During the COVID-19 pandemic, the education ecosystem has struggled like never before. Innovations—old and new—are essential in renewing, reimagining, and rebuilding the ecosystem in timely and equitable ways.
After a year which has radically shifted teaching and learning and left educators and families on the front lines of supporting children educationally, socially and emotionally, we have seen the ingenuity of school communities not only persist, but flourish. On March 23rd, USC Center EDGE, together with IDEO, the Andrew Nikou Foundation, and a series of other partners launched The Education (Re)Open to highlight and scale this innovation.
The (Re)Open is an open call for solutions to strengthen school communities as sites welcome students and staff back—and beyond.
Specifically, it seeks responses to a crucial and timely question: How might we bolster school communities by highlighting solutions that reconnect people and enhance collective wellbeing, teaching, and learning?
Crowdsourcing Reveals Insights About Communities
To effectively strengthen a school community, it’s essential to understand your audience.
Los Angeles is home to the nation’s second-largest school district, and its diverse cross-section of families have been affected by the pandemic in vastly different ways. We wanted to better grasp the challenges, needs and hopes of various communities across the region and elsewhere, so we hosted a series of listening circles, where we heard from students, parents, teachers, and administrators about what this last year has meant to them.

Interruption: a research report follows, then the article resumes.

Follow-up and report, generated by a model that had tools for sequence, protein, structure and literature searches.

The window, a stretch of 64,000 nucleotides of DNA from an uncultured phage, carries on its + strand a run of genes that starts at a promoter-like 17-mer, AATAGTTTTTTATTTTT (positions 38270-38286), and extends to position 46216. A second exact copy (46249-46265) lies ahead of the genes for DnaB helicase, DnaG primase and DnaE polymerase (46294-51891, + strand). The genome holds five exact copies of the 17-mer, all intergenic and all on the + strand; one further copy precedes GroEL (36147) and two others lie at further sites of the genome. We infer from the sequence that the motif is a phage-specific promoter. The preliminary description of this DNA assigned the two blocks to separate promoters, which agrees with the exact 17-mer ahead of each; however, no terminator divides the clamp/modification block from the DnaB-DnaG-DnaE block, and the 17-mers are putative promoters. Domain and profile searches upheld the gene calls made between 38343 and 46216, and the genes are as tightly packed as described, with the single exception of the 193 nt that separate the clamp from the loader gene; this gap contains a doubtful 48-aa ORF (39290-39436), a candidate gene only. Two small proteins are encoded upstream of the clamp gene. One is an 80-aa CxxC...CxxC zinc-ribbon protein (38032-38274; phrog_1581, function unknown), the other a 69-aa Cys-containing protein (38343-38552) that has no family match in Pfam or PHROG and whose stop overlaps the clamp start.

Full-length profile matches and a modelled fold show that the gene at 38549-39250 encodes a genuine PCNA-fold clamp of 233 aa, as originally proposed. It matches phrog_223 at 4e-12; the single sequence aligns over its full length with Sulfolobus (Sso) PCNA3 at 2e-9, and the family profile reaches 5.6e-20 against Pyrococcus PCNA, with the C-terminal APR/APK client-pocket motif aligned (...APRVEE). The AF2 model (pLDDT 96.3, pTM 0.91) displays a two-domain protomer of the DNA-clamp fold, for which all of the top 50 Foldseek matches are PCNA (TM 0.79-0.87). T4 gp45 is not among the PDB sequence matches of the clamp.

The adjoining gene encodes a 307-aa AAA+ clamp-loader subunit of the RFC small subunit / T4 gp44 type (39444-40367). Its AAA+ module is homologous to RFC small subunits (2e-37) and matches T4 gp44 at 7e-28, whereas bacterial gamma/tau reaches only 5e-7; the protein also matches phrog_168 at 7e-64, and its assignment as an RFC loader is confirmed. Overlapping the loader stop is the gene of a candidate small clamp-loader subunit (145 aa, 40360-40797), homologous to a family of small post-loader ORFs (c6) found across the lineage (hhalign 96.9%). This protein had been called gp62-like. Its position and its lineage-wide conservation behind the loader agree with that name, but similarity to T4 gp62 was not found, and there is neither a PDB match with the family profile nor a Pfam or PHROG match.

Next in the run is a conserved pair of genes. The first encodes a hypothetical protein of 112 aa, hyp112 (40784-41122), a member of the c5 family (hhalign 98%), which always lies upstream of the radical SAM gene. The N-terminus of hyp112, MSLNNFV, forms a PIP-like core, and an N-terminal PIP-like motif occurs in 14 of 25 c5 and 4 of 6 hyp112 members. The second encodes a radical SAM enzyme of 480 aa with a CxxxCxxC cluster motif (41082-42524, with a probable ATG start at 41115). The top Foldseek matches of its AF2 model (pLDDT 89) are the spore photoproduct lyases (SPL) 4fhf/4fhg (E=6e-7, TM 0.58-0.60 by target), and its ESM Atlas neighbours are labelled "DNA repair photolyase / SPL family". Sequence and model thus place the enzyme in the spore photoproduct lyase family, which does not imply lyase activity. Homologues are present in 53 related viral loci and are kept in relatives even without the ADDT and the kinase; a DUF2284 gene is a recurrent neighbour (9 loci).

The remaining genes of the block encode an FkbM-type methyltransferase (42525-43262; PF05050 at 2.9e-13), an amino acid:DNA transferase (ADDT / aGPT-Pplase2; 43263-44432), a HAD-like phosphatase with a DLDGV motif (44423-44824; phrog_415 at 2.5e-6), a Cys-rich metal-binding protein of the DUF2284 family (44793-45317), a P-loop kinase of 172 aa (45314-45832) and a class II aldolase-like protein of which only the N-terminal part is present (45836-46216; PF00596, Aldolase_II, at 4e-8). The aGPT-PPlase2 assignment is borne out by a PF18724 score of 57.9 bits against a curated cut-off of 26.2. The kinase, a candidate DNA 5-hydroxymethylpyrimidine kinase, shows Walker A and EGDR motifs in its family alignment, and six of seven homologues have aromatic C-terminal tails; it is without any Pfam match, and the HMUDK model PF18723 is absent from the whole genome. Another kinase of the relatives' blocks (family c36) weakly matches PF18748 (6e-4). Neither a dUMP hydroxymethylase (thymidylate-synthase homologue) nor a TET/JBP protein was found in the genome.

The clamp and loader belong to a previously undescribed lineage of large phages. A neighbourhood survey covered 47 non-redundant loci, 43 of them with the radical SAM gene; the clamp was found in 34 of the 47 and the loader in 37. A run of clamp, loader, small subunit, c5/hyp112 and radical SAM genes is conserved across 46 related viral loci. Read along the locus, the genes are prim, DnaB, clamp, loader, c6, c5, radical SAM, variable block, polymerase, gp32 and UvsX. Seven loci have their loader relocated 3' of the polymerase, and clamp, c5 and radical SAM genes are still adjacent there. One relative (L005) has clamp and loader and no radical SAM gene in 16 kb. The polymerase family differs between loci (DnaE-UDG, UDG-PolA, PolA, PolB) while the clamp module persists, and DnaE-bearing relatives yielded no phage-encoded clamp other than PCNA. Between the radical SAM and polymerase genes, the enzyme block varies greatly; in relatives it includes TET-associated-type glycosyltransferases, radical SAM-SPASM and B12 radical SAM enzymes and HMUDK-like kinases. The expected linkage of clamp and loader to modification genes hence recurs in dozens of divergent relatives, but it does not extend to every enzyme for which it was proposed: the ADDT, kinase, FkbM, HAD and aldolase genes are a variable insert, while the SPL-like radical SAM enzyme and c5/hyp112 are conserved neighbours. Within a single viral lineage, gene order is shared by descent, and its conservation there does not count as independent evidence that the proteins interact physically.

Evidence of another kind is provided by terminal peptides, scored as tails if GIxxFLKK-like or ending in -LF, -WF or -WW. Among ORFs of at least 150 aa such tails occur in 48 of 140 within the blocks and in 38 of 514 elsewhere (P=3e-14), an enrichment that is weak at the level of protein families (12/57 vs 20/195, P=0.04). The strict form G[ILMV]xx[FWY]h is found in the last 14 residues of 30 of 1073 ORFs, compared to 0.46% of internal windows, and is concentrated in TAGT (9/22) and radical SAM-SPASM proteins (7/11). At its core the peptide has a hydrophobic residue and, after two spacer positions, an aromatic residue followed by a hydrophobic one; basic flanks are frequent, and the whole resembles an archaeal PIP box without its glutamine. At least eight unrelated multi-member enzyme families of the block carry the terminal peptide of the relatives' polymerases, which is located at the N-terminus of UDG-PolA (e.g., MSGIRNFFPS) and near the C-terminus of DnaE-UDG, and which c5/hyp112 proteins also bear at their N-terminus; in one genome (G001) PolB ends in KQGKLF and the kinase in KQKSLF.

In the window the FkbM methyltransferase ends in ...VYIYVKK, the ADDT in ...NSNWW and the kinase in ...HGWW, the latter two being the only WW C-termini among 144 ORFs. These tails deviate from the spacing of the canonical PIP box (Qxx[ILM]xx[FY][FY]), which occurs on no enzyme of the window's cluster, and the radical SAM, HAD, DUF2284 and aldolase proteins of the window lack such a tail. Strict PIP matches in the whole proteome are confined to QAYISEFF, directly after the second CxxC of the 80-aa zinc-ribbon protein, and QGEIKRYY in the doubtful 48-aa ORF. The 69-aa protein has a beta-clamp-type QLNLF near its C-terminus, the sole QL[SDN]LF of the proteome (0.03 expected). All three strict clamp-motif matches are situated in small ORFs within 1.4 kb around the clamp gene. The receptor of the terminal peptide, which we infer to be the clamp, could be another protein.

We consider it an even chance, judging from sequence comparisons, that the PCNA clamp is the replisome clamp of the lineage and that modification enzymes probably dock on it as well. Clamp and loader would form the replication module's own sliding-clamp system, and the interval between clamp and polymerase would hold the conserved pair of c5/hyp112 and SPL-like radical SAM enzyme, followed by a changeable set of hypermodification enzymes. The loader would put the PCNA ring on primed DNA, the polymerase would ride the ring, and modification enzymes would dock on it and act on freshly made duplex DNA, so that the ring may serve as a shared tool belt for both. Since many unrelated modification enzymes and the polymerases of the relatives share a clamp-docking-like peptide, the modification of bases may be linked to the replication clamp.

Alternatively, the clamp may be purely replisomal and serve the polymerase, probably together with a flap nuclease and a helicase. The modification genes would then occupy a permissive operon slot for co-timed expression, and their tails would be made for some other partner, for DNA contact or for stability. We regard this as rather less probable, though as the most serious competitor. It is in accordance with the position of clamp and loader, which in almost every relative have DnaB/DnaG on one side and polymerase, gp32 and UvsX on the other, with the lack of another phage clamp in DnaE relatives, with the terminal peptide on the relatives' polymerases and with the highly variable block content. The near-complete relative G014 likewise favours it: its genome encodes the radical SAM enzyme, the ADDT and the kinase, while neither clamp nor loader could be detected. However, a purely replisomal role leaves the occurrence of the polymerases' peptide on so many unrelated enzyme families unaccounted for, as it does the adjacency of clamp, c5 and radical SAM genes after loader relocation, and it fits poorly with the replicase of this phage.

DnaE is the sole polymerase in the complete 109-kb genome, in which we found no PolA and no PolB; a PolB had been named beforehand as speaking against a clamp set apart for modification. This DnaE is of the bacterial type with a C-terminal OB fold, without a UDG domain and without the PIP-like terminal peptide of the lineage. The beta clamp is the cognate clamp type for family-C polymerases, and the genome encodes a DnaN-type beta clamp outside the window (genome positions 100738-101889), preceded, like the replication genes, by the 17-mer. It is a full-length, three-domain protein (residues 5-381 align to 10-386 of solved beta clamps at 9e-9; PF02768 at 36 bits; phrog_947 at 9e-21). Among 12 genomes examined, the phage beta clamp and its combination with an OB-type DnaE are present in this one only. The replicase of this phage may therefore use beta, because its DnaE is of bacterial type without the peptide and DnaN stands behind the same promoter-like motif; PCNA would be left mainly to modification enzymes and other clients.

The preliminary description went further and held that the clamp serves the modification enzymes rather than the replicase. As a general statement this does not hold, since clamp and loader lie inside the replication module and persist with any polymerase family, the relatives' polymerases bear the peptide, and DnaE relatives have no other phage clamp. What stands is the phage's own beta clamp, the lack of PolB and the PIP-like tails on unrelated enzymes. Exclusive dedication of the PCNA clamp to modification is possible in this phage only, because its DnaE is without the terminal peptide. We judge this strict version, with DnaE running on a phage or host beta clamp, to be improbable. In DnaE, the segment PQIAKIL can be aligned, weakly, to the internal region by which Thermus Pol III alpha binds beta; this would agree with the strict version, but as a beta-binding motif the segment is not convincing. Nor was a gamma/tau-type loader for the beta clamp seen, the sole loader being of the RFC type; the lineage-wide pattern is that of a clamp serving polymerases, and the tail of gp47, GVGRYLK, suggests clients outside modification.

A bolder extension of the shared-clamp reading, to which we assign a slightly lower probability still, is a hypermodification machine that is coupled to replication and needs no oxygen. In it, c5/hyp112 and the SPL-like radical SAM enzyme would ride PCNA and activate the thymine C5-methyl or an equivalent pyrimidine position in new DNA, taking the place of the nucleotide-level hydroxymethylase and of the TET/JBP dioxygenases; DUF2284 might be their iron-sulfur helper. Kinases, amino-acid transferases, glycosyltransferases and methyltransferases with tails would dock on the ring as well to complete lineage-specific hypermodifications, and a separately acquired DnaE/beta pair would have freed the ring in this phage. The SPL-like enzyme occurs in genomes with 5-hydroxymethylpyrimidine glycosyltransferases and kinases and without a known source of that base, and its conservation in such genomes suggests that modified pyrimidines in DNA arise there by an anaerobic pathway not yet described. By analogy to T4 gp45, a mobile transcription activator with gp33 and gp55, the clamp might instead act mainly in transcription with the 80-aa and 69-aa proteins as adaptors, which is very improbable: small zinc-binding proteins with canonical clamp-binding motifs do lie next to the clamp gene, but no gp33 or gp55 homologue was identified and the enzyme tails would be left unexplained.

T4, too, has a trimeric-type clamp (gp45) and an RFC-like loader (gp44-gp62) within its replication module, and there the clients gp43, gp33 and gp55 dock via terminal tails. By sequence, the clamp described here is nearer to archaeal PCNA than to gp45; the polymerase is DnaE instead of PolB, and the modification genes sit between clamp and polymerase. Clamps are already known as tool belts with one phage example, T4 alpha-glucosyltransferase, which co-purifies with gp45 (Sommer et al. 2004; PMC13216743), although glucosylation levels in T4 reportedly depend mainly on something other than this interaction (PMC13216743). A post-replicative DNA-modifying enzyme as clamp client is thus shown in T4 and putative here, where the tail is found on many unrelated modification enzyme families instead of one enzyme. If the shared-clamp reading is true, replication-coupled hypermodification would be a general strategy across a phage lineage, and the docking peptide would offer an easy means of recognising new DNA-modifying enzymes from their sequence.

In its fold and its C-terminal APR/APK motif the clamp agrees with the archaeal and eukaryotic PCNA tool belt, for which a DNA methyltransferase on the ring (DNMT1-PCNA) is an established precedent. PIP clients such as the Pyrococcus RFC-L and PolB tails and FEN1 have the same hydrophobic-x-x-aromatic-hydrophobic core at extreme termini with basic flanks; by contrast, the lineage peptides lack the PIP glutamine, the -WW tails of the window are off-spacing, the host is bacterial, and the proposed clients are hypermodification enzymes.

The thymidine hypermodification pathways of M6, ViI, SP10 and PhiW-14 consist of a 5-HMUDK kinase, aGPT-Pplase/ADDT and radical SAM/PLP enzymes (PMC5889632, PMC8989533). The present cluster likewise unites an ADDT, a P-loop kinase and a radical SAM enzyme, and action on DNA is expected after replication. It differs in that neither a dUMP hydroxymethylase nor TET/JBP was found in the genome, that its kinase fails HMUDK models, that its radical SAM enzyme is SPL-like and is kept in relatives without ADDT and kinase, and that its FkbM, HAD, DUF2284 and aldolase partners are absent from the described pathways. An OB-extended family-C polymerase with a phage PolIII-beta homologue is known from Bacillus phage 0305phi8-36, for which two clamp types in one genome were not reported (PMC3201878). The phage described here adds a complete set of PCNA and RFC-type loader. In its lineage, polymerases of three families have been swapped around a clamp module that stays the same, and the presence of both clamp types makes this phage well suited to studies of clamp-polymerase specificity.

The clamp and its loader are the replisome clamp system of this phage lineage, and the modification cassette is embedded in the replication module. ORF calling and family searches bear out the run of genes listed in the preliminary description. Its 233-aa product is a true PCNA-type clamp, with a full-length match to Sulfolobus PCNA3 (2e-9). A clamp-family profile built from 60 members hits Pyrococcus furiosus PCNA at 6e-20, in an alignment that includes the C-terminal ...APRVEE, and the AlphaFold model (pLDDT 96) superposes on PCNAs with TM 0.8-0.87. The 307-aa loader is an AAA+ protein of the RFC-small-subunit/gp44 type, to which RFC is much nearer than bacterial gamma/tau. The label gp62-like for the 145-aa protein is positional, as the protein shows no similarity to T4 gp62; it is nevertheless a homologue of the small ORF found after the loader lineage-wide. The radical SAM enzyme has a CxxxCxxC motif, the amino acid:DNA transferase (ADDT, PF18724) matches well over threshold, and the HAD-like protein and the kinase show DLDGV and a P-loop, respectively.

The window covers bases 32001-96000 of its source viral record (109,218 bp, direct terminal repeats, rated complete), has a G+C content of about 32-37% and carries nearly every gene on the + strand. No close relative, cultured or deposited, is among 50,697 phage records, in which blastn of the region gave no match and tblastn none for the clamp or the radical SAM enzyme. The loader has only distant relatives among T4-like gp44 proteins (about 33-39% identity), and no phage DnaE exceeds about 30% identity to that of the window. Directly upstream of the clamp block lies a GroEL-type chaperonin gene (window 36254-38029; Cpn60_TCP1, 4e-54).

The process has underscored an important point: Inclusion opens the door to creative solutions. It empowers a variety of stakeholders in education who are affected by the decisions of school leaders, but may be excluded from the decision-making process.
Additionally, as a school of education located in the heart of a sprawling urban school district, we felt a responsibility to contribute.
USC Rossier’s internal community of faculty, staff, alumni and students has a variety of backgrounds, experiences, and areas of interest. By inviting them all to participate, we can access a greater range of ideas. Crowdsourcing is not a new concept, but it is rarely, if ever, applied to educational policy. We believe it has great potential.
At a moment when schools are making decisions that will impact districts for years to come, we are eager to elevate and spotlight the expertise and experience of educators, students and families from the most underserved communities.
Overcoming the Challenges of Implementation
For all of crowdsourcing’s potential benefits, it also poses a number of challenges, such as how do you identify submitted solutions that are both effective and appropriate for the community at large?
When strategizing this phase of our initiative, we created the Solutions Exchange. At the end of the school year in June, crowdsourced solutions will be featured in a searchable repository for use and scaling, and starting in August will be implemented inside and outside of Los Angeles.
All solutions featured in the Solutions Exchange will receive a share of funding (we’re planning to give up to 100, one-thousand-dollar awards) and selected submitters will receive professional coaching and technology support.
Ultimately, The Education (Re)Open is a chance to crowdsource innovative solutions and reconnect school communities by those that know it best–educators, parents and students–in this moment and beyond.